publication date: Dec. 22, 2016
Opioids Not Helpful in Treating Chronic Pain, Geisinger Study Finds
A new study by Geisinger Health System physicians reports that the use of opioid therapy to treat chronic pain is not only ineffective, it can actually increase the likelihood of more harmful consequences, including death.
Palliative care physicians Mellar Davis and Zankhana Mehta authored the study which provides a review of the current research on chronic opioid therapy. The study was published in the December 2016 edition of Current Oncology Reports.
“When patients are given opioid therapy for chronic pain, there is evidence that it interferes with the body’s natural resolution of the pain,” said Davis, who co-chaired the 2015 International Conference on Opioids at Harvard Medical School. “Opioid therapy may put someone at an increased risk for multiple adverse effects. And it actually has the potential of extending the history of their pain.”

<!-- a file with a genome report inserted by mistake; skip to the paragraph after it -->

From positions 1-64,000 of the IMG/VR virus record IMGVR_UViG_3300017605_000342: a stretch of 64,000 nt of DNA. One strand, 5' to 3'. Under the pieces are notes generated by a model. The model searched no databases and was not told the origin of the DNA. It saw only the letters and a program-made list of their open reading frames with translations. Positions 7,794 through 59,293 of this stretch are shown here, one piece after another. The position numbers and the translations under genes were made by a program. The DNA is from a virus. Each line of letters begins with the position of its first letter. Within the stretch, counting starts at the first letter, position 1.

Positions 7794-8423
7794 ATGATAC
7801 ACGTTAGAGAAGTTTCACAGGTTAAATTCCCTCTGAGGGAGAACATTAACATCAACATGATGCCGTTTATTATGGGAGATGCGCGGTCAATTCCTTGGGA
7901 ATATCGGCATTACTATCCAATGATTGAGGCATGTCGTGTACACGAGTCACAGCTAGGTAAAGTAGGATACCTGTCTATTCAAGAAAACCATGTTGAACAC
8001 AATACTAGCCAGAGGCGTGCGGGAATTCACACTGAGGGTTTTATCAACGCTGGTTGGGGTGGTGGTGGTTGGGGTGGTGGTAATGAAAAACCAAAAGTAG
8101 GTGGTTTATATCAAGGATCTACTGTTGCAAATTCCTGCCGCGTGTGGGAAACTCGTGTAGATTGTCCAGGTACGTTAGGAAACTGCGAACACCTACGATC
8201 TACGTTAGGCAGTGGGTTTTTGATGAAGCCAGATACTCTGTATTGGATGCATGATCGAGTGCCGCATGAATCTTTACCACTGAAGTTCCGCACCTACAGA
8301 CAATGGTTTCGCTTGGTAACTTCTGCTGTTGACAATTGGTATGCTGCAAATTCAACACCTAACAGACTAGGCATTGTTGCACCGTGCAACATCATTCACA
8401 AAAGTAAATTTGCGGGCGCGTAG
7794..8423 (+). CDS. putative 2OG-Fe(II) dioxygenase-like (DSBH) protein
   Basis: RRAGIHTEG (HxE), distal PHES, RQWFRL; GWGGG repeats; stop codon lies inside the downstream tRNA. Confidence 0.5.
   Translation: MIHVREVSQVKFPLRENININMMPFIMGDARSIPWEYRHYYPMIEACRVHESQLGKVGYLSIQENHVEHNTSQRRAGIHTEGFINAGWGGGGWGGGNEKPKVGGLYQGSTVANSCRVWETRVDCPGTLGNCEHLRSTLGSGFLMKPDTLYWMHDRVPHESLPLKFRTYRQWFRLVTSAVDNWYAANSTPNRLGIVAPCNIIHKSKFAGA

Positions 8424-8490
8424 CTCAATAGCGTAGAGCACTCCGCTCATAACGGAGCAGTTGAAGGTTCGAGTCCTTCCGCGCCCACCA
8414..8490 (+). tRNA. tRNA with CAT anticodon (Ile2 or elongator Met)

The authors wrote that the risk of addiction, depression, central hypogonadism—where the hypothalamus and pituitary glands don’t function properly—sleep-disordered breathing, impaired wound healing, infections, cognitive impairment, falls, fractures and death increase in patients on chronic opioid therapy.
The Geisinger physicians acknowledge that the use of opioids has been helpful in reducing the intensity of acute pain—sudden pain due to injury that doesn’t last long—and in managing pain associated … Continue reading CCL Dec 2016 – Opioids Not Helpful in Treating Chronic Pain, Geisinger Study Finds
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